Pressure growing on universities to sacrifice intellectual integrity

The intellectual integrity of university degrees is at risk as pressure grows to place emphasis on practical skills, a leading vice-chancellor has warned.

The Government’s former schools chief has attacked university admission rules which give preferential treatment to poorer applicants because of their background.

Sir David Bell said that a university should “stand or fall by its intellectual integrity”, not merely be a preparation for the next stage of life Photo: Brian Smith

Institutions are being forced to re-write their courses to boost the chances of their graduates’ finding work, said Sir David Bell, vice-chancellor of the University of Reading.

The pressure, he claimed, is coming from students and parents who demand that there is emphasis on “employability” within or alongside undergraduate degrees.

However, Sir David called on academics to resist such pressure to protect traditional courses.

Over time, he claimed, we could see a movement towards more applied disciplines, and greater importance placed on how students are prepared for life, even when they are studying tradition disciplines like English literature, classics and history.

He told the Times: “Universities have got to be careful there, too: what you don’t want to do is to undermine the fundamentals of a discipline because a discipline in a university should stand or fall by its intellectual integrity not merely be seen as a preparation for the next stage of life.”

“What I would be wary of is the fundamentals of a discipline being rewritten merely to serve an employability end,” he said.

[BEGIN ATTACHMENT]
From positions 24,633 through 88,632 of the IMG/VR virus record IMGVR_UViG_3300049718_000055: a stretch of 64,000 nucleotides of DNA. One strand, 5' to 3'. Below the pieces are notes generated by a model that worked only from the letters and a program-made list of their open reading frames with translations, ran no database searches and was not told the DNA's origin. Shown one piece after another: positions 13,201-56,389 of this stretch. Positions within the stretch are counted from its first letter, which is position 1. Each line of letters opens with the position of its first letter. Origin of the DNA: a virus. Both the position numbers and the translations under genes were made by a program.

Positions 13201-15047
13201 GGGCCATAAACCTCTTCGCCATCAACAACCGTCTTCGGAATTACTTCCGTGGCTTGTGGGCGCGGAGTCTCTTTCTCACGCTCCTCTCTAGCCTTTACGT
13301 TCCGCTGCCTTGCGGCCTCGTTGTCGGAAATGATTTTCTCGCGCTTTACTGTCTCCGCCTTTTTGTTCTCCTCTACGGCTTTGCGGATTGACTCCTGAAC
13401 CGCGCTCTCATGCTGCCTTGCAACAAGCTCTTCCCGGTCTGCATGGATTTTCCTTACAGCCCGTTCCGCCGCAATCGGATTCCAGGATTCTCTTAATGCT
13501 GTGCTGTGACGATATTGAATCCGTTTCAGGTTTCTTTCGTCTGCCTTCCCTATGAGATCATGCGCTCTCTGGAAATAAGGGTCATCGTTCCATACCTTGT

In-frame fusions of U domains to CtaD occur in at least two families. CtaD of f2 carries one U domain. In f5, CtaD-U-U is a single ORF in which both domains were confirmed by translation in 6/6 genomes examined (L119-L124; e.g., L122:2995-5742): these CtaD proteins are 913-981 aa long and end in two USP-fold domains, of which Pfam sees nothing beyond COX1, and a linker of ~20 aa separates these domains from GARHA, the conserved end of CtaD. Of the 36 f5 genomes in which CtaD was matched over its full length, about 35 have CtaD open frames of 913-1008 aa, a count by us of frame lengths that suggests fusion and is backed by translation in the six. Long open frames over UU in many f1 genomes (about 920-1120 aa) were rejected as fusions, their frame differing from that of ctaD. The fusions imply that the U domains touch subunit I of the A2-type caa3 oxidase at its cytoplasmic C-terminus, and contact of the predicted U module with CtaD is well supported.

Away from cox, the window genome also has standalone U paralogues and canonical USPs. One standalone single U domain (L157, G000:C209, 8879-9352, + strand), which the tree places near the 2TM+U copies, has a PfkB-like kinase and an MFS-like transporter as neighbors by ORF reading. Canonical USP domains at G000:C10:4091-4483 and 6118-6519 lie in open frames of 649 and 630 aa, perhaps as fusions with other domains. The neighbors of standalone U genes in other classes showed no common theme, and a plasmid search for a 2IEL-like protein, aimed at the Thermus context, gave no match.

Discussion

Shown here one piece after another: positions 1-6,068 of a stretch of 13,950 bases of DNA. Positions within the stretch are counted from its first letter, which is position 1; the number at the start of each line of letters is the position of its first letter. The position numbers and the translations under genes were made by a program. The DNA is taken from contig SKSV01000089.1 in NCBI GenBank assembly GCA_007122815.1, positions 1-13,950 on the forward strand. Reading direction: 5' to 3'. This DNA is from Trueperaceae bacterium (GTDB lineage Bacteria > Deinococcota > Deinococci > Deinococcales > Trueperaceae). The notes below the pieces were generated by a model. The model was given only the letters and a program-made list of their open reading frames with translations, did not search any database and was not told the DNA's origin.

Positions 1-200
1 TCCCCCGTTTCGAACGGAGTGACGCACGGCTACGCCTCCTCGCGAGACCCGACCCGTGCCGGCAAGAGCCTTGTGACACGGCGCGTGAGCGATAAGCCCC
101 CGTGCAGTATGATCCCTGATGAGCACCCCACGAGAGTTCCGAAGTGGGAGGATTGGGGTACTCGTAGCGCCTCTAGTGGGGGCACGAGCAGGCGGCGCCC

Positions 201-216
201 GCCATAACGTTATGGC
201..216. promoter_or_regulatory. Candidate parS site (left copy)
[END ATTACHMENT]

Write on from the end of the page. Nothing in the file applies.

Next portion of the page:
The former chief civil servant for the Department for Education also warned that institutions would need to find new commercial revenue to protect their research and teaching as the number of British undergraduates falls because of an ageing population and more employers choosing to train school leavers on their own programmes.

The competition for the dwindling number of British students will grow, he predicted, and if a university does not have a strong financial position underpinned by commercial activity they will have to pay a higher interest rate to the banks.

Reading is already undertaking such commercial activity, and is the only British university with a private sector partnership to manage all its student accommodation.

The above is taken from the Daily Telegraph 9 April 2013

Comment

  1. Universities have a responsibility to subject students to an intellectual exercise AND prepare them for the next stage of their career development, they are not mutually exclusive.
  2. Attitudes like those of Sir David Bell give some sort of indication of how detached from reality some academics are.
  3. He seems shocked that parents are demanding employability strategies (a Government requirement in any case) to help prepare students for the world of work, after all they are paying £9,000 a year for the privilege of “education.”
  4. Linking university courses to the world of work should be compulsory, not seen as being delivered in academic isolation – has he not spoken to any employers about this issue?
  5. This man seems to be in cloud cuckoo land and one has to say he represents an institution not high on the list of many students or one with a long academic history.
  6. I note from his Wikipedia entry that other than 2 years as Chief Executive of Bedforshire County Council he has never really ventured outside the the “hallowed ground” of education.
  7. Perhaps a secondment to a “year in industry” would be beneficial for him to find out how the “real” world works.
  8. And exactly what was the knighthood for?
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2 Responses to Pressure growing on universities to sacrifice intellectual integrity

  1. What do people like David Bell get knighthoods for? Living in the past? Considering his background as a teacher and with Ofsted I am really surprised at his comments which ill-serve students.

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  2. Pingback: Sir David Bell and “Employability” Part 2 | Kindadukish's Blog

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